The next few months were a frantic and exciting blur.  While Finn and I worked out the timing for announcing our engagement in two months’ time, Mom and Daisy kept the Third Place running efficiently while Dad worked with community leaders to lay the groundwork for Sky Reach’s investment for vertical farming.

This is where Dad was at his best, beginning the entire process by hosting an event at the restaurant for political, economic and civil society leaders. He introduced Aakriti and the team to the group who set about to explain the plan and how it would all serve as a pilot project for what later would become a North American initiative that would likely develop into a global industry.

Due to the reputation of the Third Place, all the important players attended. Sky Reach had already located a suitable seven-story structure near the river where it was hoped renovations could begin immediately.  Because it was zoned residential but had been abandoned for years, city council required little time to change the bylaw to allow for construction to begin.  Representatives from local farmers associations were invited and had to be assured that there was a place for them amidst all the infrastructure that would be required.  One of them suggested that the farms in the region concentrate on the larger consumer demand products like corn, as well as specializing in dairy, poultry, pork and beef activities.  It was a brilliant suggestion, permitting those farmers who wish to continue working their land could do so and still remain part of the vital food system.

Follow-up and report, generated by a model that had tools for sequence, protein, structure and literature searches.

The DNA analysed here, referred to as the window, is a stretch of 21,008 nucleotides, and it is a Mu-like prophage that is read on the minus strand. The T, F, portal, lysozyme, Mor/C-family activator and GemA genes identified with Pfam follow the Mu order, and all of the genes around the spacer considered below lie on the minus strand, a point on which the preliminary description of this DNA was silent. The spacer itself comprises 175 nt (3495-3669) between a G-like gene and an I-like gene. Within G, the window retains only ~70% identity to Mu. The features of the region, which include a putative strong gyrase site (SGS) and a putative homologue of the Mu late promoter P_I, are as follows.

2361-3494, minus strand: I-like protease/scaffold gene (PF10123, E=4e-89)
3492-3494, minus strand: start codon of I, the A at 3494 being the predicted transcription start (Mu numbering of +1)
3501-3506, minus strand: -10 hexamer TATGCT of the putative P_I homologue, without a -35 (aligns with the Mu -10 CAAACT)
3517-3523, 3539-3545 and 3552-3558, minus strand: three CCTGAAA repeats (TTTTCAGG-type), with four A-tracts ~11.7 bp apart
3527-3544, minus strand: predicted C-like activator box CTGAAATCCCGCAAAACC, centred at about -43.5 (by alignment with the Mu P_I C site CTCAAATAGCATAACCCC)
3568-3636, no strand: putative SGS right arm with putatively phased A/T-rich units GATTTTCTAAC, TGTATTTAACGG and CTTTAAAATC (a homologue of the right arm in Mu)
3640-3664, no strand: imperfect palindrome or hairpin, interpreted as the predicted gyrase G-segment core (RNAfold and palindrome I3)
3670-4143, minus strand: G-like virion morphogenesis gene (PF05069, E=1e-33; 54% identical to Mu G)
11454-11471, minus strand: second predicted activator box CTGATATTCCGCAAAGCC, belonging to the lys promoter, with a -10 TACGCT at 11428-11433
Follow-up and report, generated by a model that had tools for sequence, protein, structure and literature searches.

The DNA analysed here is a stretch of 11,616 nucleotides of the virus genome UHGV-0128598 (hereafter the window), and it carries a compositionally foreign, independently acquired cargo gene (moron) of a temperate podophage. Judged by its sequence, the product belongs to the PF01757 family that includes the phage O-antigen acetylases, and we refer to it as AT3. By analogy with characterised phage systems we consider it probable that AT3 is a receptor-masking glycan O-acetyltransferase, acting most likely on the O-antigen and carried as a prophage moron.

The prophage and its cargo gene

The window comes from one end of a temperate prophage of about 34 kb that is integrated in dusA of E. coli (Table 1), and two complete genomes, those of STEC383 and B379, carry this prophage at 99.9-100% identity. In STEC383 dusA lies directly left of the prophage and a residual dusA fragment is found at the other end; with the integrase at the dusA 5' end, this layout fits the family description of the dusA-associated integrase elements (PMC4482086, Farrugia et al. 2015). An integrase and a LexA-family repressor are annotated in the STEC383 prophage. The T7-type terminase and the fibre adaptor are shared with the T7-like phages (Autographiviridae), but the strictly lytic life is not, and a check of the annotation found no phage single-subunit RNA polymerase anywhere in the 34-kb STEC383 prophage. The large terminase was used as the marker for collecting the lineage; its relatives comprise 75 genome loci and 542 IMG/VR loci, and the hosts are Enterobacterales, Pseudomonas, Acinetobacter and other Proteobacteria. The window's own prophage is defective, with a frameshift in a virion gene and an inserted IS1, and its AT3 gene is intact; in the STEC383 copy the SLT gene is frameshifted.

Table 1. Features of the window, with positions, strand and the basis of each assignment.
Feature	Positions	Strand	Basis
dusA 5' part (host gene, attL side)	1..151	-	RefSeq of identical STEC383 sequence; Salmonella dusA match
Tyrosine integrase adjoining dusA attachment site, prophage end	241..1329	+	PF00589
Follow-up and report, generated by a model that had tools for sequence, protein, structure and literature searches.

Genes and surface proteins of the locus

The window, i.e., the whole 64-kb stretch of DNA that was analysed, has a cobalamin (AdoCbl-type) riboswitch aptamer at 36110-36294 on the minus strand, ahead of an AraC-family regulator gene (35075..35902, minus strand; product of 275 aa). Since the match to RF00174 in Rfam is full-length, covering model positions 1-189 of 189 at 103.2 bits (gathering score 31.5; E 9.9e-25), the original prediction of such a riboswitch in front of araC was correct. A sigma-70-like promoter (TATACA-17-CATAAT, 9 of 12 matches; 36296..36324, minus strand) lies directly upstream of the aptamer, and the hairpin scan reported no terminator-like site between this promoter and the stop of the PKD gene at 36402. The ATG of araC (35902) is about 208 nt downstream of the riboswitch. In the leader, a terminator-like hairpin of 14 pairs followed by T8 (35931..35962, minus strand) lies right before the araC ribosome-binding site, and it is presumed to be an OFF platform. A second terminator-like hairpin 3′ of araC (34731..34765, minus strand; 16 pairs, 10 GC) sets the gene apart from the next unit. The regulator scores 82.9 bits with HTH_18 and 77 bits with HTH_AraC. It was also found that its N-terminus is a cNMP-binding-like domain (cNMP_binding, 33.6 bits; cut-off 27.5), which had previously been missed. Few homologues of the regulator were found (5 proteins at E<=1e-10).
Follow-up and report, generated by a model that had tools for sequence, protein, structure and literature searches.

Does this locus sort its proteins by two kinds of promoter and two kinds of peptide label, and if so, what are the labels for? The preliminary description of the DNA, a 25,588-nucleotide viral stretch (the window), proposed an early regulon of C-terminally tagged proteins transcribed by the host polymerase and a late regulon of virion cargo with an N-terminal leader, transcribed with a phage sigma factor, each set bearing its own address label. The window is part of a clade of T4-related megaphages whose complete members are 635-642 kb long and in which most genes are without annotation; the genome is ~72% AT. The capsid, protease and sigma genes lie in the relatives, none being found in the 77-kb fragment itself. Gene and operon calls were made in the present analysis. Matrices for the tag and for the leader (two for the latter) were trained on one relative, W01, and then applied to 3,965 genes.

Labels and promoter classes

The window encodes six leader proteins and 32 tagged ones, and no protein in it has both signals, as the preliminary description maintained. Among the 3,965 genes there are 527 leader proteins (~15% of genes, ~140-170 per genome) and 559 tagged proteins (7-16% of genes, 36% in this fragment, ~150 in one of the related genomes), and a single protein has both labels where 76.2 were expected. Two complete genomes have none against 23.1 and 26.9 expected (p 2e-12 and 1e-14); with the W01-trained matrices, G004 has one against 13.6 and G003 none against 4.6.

The newspaper publisher, well known to Dad, had also been invited and he offered to help lead the public education campaign that would be essential for citizens to not only know of what was happening, but so that they would also be encouraged to purchase the products generated by the new kind of agriculture.

Two local credit unions and three financial lending institutions were there to assist with loans and sustainable credit for those who would have to remodify their existing operations to take advantage of the opportunities.

Eventually, a month later, Dad spoke at the hockey arena downtown, along with other officials, in perhaps the largest public input gathering that city had known. There were the usual cast of naysayers, but the majority of the crowd understood the implications of the announcement, even if they hadn’t yet fully grasped the details.

Aakriti brought in even more members of her California team and was frequently in and out of our city.  Finn recognized immediately that they knew their files and grew to respect their abilities.  Research had already been undertaken by the team, with help from our local university economists, that was later released to the public showing that water and electricity required by the new operation would save energy by significant measures. At one point, Finn became so excited that he turned in an instant and kissed me with energy.

“These folks are amazing.  This is going to work, Annie.  I know it.” He held a natural affinity for them because of their advanced levels of education and their dedication to working out the machinery behind all the activity.